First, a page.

In other words, happiness is not an epic mullet. It is not something you can grow and achieve like the fanciful curls of an omnipresent South American coiffure. It cannot be tended to, taken care of or swept ever-so-gracefully into a sophisticated chignon, if you’re feeling so inclined. Happiness, unlike a mullet, is intangible.

Which is why when anybody ever refers to “the key to happiness,” I cringe at the faulty logic of this English-language cliché. To proclaim such a “key” exists is to objectify the un-objectifiable. (And yes, you can quote me on that word, Merriam-Webster.) It’s nonsense. And even more so, it seems to me that to think of happiness in such a way will inevitably lead you to another unfortunate English-language cliché – the proverbial pit of despair.

I mean, think about it, what’s worse than a wild goose chase? (Besides that phrase, I mean.) Not much.

But don’t get me wrong. I’m not saying that happiness doesn’t exist. Au contraire, Grumpy Care Bear. (Shut up; it rhymes and if I used “mon frère,” that would’ve been my fourth ironic cliché in just as many paragraphs – unacceptable. Everyone knows three is the limit.)

Indeed, happiness exists. However, it exists in a much different format than a glorious mullet or even delicious llama meat, which I was lucky enough to find out last week is seriously tasty.

But scrumptious camelid flesh skewers aside, what I’m getting at here is that happiness is a feeling, which means, just like any other feeling (sadness, anger, boredom, excitement, lust), happiness is temporary. Nothing, at least on this planet, can ensure you’ll be happy all the time because the realistic fact is, when feelings, emotions and all that other bullsh*t are involved, there are no guarantees. Even llama meat is no guarantee.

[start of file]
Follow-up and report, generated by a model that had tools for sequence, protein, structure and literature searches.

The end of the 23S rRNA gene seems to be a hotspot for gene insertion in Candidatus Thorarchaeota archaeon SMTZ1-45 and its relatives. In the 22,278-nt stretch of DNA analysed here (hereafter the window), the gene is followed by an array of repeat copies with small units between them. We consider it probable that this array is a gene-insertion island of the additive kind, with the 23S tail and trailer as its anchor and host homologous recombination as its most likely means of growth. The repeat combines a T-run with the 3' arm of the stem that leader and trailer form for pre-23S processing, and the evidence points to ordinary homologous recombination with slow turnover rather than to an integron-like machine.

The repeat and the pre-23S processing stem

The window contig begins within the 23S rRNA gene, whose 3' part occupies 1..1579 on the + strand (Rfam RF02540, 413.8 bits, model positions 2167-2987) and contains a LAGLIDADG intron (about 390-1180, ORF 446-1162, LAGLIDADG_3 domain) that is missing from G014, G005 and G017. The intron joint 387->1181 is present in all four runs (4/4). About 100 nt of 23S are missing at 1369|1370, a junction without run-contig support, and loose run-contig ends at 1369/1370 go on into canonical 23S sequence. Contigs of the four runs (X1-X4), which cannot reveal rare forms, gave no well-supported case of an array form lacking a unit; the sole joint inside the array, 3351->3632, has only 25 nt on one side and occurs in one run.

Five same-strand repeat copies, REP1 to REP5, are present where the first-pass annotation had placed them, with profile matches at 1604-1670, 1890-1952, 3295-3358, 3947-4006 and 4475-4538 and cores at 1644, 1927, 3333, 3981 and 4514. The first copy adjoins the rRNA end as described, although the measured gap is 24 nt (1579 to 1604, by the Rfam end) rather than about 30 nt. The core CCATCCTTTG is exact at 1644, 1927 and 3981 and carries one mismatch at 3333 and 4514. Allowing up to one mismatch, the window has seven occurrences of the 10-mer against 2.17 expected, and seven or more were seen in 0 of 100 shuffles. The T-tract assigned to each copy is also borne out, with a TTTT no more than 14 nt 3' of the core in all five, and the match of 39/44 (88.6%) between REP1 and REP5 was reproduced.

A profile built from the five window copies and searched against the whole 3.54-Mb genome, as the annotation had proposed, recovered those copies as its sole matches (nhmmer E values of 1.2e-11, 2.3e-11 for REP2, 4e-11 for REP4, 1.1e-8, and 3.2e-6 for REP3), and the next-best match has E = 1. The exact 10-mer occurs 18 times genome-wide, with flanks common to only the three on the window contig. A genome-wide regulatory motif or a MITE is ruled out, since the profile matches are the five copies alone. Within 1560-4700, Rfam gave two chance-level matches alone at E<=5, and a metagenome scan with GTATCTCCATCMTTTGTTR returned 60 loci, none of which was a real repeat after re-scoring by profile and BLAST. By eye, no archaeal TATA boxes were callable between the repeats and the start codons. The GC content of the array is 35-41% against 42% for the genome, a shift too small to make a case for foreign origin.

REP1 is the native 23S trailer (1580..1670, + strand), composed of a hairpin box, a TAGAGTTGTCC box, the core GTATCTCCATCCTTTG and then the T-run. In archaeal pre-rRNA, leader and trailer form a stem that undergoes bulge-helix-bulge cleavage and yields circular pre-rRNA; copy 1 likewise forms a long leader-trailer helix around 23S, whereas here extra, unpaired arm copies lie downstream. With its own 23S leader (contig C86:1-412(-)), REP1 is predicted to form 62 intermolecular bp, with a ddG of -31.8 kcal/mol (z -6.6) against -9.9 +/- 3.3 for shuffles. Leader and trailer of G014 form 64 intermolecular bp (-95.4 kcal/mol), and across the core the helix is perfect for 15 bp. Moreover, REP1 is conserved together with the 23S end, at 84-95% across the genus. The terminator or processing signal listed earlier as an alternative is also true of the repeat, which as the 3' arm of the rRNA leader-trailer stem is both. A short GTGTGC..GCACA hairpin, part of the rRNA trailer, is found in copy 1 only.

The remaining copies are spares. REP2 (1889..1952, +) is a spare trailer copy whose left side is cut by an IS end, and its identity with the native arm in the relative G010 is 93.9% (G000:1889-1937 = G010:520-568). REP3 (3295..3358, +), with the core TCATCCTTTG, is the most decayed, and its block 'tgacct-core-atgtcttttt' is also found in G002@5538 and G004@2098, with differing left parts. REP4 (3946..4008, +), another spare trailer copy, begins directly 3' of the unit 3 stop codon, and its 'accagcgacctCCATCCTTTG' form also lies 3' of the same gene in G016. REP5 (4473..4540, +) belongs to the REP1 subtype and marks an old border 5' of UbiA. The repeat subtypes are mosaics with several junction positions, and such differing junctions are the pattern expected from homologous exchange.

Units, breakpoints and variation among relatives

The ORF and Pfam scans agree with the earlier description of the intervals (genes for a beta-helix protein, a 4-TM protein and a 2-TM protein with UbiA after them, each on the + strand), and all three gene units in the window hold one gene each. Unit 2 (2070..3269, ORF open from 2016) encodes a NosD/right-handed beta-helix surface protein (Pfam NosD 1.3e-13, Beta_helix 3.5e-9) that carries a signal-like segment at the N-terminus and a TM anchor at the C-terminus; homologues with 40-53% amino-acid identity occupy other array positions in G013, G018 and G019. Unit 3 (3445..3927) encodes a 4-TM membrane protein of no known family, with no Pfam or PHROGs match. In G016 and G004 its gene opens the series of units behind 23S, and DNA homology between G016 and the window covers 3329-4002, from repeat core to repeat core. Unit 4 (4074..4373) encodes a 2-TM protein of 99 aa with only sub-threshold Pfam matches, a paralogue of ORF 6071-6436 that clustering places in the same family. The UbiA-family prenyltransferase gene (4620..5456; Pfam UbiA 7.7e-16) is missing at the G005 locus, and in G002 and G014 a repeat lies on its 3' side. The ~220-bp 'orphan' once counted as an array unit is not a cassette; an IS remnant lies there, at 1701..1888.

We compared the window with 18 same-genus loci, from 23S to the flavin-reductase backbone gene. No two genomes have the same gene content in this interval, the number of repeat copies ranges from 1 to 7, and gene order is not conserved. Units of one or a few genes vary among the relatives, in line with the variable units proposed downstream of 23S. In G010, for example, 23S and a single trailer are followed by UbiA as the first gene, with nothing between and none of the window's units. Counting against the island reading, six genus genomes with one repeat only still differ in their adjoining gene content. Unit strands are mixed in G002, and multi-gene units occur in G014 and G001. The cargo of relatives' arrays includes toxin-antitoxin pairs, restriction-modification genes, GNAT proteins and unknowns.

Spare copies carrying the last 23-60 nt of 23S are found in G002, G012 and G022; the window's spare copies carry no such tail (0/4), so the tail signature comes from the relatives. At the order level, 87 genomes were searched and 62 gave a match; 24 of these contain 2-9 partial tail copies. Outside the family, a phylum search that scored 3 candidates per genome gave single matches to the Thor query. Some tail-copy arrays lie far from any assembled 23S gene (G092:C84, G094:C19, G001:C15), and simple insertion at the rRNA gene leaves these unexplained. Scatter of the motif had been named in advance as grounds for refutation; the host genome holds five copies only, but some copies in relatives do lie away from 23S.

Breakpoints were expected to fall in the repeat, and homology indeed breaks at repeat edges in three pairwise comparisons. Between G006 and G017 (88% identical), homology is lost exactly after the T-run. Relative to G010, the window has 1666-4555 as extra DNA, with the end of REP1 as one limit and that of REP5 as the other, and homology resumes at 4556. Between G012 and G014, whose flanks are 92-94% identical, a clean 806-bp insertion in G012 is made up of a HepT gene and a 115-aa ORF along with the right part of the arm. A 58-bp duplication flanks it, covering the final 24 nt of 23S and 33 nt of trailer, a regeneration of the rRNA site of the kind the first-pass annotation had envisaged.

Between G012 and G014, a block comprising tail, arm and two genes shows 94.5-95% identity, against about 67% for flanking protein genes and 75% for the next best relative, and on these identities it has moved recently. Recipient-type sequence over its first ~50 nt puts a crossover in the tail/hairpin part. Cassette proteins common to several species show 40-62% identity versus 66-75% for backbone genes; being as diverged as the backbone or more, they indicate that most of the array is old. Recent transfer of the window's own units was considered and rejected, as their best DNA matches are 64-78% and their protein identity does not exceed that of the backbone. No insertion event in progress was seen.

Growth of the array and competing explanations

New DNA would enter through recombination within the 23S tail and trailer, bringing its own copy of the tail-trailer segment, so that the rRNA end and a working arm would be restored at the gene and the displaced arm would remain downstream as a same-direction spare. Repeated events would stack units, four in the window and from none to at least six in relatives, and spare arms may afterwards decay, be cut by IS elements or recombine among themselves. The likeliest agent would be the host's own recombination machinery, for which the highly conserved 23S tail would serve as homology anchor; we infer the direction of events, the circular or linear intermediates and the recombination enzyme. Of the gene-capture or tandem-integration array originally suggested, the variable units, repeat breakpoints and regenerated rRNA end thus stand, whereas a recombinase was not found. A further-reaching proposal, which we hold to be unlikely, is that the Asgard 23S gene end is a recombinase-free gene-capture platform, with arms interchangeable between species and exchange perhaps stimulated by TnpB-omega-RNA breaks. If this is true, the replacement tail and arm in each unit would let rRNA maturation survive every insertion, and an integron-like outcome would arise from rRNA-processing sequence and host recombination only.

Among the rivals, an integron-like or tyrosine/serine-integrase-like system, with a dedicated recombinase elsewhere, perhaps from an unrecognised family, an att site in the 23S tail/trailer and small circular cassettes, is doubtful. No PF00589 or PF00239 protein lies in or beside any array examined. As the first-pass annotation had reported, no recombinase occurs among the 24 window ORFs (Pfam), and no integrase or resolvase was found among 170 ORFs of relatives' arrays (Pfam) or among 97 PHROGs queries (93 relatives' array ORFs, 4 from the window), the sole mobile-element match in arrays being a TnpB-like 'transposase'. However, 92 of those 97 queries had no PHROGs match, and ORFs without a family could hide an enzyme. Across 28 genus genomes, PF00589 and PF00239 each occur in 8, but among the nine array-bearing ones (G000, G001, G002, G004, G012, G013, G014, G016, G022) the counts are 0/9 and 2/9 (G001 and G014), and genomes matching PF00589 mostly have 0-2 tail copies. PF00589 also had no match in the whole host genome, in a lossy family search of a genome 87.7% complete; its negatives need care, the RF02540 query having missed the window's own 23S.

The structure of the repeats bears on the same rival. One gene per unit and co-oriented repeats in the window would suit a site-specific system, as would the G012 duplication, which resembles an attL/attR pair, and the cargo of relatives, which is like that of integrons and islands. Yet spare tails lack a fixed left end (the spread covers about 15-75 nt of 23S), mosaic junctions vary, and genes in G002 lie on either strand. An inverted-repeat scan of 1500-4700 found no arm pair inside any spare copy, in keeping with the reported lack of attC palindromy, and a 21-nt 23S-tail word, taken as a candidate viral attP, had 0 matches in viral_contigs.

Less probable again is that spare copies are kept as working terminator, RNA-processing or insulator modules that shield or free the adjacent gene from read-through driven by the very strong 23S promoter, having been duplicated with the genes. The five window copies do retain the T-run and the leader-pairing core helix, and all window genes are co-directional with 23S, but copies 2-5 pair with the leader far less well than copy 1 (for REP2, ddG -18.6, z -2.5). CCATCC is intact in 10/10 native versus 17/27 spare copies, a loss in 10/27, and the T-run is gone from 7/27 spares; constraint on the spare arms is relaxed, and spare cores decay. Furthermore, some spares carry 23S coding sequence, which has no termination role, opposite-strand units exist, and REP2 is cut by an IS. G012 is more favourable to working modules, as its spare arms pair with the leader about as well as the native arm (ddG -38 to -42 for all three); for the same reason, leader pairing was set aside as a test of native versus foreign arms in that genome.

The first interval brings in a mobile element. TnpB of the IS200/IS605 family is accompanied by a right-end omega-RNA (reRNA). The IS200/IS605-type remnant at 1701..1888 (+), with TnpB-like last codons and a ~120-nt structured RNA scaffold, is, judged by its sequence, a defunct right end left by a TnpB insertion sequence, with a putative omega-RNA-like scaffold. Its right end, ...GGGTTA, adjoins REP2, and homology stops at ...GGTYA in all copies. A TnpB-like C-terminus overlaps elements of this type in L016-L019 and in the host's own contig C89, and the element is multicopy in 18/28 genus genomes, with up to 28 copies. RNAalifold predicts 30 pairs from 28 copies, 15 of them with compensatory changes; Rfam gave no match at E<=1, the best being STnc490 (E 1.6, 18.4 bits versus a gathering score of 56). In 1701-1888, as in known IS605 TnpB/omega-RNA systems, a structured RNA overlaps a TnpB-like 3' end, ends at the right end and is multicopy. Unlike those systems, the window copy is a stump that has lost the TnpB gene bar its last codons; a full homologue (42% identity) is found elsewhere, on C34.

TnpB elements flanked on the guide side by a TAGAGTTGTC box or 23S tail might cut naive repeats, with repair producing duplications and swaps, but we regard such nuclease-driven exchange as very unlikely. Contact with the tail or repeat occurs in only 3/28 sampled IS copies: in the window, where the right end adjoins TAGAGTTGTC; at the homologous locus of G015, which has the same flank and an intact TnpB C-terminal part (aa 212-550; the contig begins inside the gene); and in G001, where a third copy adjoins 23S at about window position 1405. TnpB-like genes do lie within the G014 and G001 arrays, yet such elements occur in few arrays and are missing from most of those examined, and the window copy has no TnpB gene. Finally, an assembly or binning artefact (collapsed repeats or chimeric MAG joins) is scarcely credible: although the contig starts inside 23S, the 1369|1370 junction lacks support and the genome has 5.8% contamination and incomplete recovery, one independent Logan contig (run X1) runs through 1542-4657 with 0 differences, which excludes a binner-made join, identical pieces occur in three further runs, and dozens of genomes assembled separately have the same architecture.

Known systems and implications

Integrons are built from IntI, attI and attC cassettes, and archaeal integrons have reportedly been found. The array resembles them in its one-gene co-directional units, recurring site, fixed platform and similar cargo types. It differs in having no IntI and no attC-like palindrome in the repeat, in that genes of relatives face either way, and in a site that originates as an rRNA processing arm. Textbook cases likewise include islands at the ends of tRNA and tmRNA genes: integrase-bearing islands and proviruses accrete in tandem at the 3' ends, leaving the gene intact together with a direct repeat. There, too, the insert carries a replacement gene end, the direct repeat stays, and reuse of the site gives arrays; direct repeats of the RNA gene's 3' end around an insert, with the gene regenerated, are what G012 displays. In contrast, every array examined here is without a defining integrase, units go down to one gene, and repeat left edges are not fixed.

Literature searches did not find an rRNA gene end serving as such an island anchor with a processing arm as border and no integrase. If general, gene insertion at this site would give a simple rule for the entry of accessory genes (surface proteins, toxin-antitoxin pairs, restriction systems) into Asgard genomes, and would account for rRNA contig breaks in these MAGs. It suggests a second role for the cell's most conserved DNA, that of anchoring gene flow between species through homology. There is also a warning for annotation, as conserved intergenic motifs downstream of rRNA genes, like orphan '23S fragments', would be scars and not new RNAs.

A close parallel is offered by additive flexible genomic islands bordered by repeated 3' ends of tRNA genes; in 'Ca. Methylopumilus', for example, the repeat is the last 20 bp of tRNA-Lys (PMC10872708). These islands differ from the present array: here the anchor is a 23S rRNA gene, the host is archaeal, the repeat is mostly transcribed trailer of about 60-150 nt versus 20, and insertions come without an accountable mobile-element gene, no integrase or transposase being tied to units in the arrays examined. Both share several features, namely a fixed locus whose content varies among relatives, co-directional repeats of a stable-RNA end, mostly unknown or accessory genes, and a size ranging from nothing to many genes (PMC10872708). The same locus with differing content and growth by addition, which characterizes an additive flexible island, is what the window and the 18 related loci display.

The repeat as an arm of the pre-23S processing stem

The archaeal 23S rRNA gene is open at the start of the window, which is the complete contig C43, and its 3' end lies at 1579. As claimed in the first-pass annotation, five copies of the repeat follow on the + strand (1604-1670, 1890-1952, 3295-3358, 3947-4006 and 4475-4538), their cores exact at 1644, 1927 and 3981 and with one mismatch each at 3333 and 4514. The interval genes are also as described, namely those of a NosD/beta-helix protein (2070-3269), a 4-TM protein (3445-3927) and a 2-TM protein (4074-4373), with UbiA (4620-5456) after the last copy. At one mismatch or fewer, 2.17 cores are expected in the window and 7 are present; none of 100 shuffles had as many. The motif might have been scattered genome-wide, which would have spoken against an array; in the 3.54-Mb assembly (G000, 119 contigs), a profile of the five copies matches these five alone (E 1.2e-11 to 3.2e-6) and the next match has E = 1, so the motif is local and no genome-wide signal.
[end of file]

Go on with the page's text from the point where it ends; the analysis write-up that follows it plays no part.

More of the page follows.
Of course, at the same time, we’re not helpless when it comes to trying to maximize the possibilities to feel happy. For example, for me, I seem to feel the most happy when I’m making people I love smile and vice versa (ah, shucks). So, why not just do that forever and, ergo, be happy forever too? Well, because these same people with whom I’ve shared and still share so much joy, also have the ability to make me the most angry and depressed I’ve ever been.

And don’t think that’s just me. This happens in fiction as well, so clearly it must be fact. Uh, or something. Take, for instance, this passage from Isabel Allende’s The House of the Spirits, in which family patriarch Estaban Trueba attempts to recapture a happiness of yesteryear to no avail:

“The distant mountains disappeared behind the clouds of a shrouded sky; only the snowy peak of the volcano could be seen in all its clarity, outlined against the landscape and lit by a timid winter sun. He looked around him. In his childhood, during the only happy time he could recall, before his father slid utterly into ruin and abandoned himself to alcohol and disgrace, the two of them had gone horseback riding in this part of the country. He remembered that he played during the summers at Tres Marías, but it was all so long ago that memory had almost erased it, and he did not recognize the place.”

See? There is no one person, no one environment, no one delicious meat shish-kebob, as it were, that will make a person feel happy permanently. There is no one anything. There is no key.

Sure, various nouns (that is, people, places and things) can contribute to moments of pure happiness for all of us (Estaban has his childhood horseback riding, for example, and I have my delicious llama meat), but to attribute happiness entirely to some object or some thing that exists outside your psyche seems wrong.

In fact, even writing this pseudo-manifesto on happiness seems wrong because I’m pretty sure, that much like searching for some sort of mythical “key,” overthinking why and how we, as humans, feel certain ways at certain times doesn’t really do anyone any good. In fact, during the time I’ve wasted composing this post just thinking about happiness, I may have missed out on some fleeting moment of it because I was too busy trying to use the functional slice of my brain to theorize about something that will never fit neatly into a theory. And although the width of said slice of brain is about the girth of a lowercase “L,” I’m still convinced even the smartest person couldn’t will a feeling of happiness through even the most logical of analyses. Instead, I think happiness is something we just feel when we happen across it, however and whenever that may be.

And on that heart-barfing note, you’ll have to excuse me. I must now go take a shower to wash the waft of dirty hippie off myself. Indeed, I’m hoping being clean and free of the stench of patchouli will allow me a few fleeting moments of happiness. But even that is no guarantee.